malloc doesn't do anything?

This is a discussion on malloc doesn't do anything? within the C Programming forums, part of the General Programming Boards category; I just recently started programming in C. I'm running into problems with Malloc. It seems like malloc doesn't do anything ...

  1. #1
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    Question malloc doesn't do anything?

    I just recently started programming in C.

    I'm running into problems with Malloc. It seems like malloc doesn't do anything with my string?

    I have the following code:

    Code:
      char *s;
      s = malloc( 5 * sizeof(char));
      strcpy(s, "123451234567890876432123456789678");
     or   s = "123456678";
      printf("String is: %s", s);
    Why can I put a string in that is larger dan 5 bytes?
    I've tried many different ways and everytime I reserve a few bytes I can make the string larger.

    Maybe i'm using things wrong but i would appreciate it if someone can explain to me why this works...

  2. #2
    Nub SWE
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    Malloc guarantees you, in this case, 5 bytes of contiguous memory. There might be more available after your desired block, or there might be garbage which will crash your program when you try to access it. Malloc just returns a pointer to the start of a block of memory that will fit what you want it to. It might be more, but it will never be less.

  3. #3
    C++ Witch laserlight's Avatar
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    Why can I put a string in that is larger dan 5 bytes?
    Luck.

    Incidentally, s = "12345678" changes what s points to.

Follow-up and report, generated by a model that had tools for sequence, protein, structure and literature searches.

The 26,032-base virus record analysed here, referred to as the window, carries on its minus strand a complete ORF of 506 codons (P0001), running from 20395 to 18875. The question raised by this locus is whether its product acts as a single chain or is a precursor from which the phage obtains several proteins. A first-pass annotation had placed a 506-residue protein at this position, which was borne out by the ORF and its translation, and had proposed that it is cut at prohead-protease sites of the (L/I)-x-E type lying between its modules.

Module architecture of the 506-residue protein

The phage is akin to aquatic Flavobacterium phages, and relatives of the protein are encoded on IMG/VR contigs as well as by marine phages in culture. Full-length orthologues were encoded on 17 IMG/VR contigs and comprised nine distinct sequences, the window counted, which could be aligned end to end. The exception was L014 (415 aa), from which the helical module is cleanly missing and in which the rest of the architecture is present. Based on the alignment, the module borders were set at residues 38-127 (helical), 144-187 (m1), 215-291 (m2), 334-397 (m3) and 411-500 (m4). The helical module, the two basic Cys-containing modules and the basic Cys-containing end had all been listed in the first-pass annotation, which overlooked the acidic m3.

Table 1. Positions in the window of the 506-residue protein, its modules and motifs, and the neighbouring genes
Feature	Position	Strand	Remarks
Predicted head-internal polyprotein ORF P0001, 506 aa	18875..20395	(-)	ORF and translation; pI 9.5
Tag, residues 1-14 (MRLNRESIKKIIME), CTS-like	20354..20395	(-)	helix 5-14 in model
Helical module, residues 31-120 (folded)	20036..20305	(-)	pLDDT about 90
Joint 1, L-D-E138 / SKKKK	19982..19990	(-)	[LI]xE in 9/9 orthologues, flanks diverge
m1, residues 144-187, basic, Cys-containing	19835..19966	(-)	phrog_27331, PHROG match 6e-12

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    Ok, so it's just plain luck now...
    Can I determine the size of the newly allocated block (after malloc)?

    e.g. sizeof(s) or strlen(s) ? Will it return the allocated space?
    When I use these functions now they always return 4 bytes even after mallocing 50

  5. #5
    Nub SWE
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    You've defined it, so you already know it. It's 5 bytes.

    Doing anything with the data that you "luckily" have access to is dangerous. Don't do it.

    If you need more memory than five bytes, allocate more than five bytes.

  6. #6
    C++ Witch laserlight's Avatar
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    When I use these functions now they always return 4 bytes even after mallocing 50
    You're probably taking sizeof(s) which returns the size of the pointer s, not the size of what was allocated.

    You've defined it, so you already know it. It's 5 bytes.
    Yep. Also, note that sizeof(char) is guaranteed to be 1.
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  7. #7
    C++まいる!Cをこわせ! Elysia's Avatar
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    Quote Originally Posted by Adak View Post
    io.h certainly IS included in some modern compilers. It is no longer part of the standard for C, but it is nevertheless, included in the very latest Pelles C versions.
    Quote Originally Posted by Salem View Post
    You mean it's included as a crutch to help ancient programmers limp along without them having to relearn too much.

    Outside of your DOS world, your header file is meaningless.

  8. #8
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    Thanks that makes it a lot less confusing...

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